In this time of quarantine and sheltering indoors, reconnecting with nature is most important. Exposure to the natural world can help with feelings of deep connection, clarity, serenity, peace, joy, amazement, and rejuvenation. It helps maintain a healthy balance, and it is well documented that having a strong connection with nature and spending time attending to the natural world, gives us a heightened sense of well being and happiness. It is good for both our emotional and mental health. One can argue that it is good for our spiritual health as well.
Nature journaling, even if you are limited to the indoors, can be a healthy addition to your life. In our workshop, we will strive to reconnect. We will work from direct observation and from memory, recording through words and drawings what we remember, observe, and wonder about our chosen natural objects. With drawing the natural items, the aim is not to be perfectly realistic, but rather gaining insight upon close observations. We may gain greater appreciation from these reflections, and it is an enjoyable way to spend time. We may find that even in our homes we are more connected to nature than we had realized.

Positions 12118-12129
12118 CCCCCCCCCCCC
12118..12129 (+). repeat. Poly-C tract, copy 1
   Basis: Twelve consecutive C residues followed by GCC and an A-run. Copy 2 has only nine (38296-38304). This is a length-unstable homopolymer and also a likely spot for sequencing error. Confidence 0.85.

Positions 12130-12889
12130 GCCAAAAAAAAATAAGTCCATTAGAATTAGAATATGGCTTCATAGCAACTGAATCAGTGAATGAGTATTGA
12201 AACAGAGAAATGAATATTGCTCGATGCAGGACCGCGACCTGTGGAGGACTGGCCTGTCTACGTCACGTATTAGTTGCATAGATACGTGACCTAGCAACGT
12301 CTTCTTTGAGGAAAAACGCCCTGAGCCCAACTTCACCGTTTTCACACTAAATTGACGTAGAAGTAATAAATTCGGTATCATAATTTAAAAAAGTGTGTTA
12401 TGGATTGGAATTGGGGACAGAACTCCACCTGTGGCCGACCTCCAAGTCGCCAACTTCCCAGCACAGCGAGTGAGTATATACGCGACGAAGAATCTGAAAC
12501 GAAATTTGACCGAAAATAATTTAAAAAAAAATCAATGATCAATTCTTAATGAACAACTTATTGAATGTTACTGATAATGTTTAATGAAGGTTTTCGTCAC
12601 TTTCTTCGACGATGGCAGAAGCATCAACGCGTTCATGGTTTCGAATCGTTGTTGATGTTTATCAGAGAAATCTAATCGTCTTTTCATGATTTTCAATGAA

To participate, you do not need access to the outdoors (a yard or a balcony) although you may feel free to make use of those if they are available to you. You just need a pencil, a sheet of paper, and a few items from nature that most of us can find around our homes: a stone, shell, potted plant, a piece of fruit or a vegetable. By journaling, the natural world opens its immense beauty to us.
This group will meet on Sunday, June 21, from 1:00 pm – 2:30 pm on Zoom. Please RSVP to AdultRE@UUSM.org, with Nature Journaling in the subject line.
A lifelong lover of the outdoors, Dorothy Steinicke has more than twenty years experience introducing people to a love of the natural world. She leads hikes for children and for adults in Topanga Canyon, Ballona Wetlands, and Dockweiller State Beach. She surveys the beaches for the Audubon Society looking for endangered beach birds. She has been involved in programs that document amphibians in local creeks and in a program to monitor a sensitive turtle population.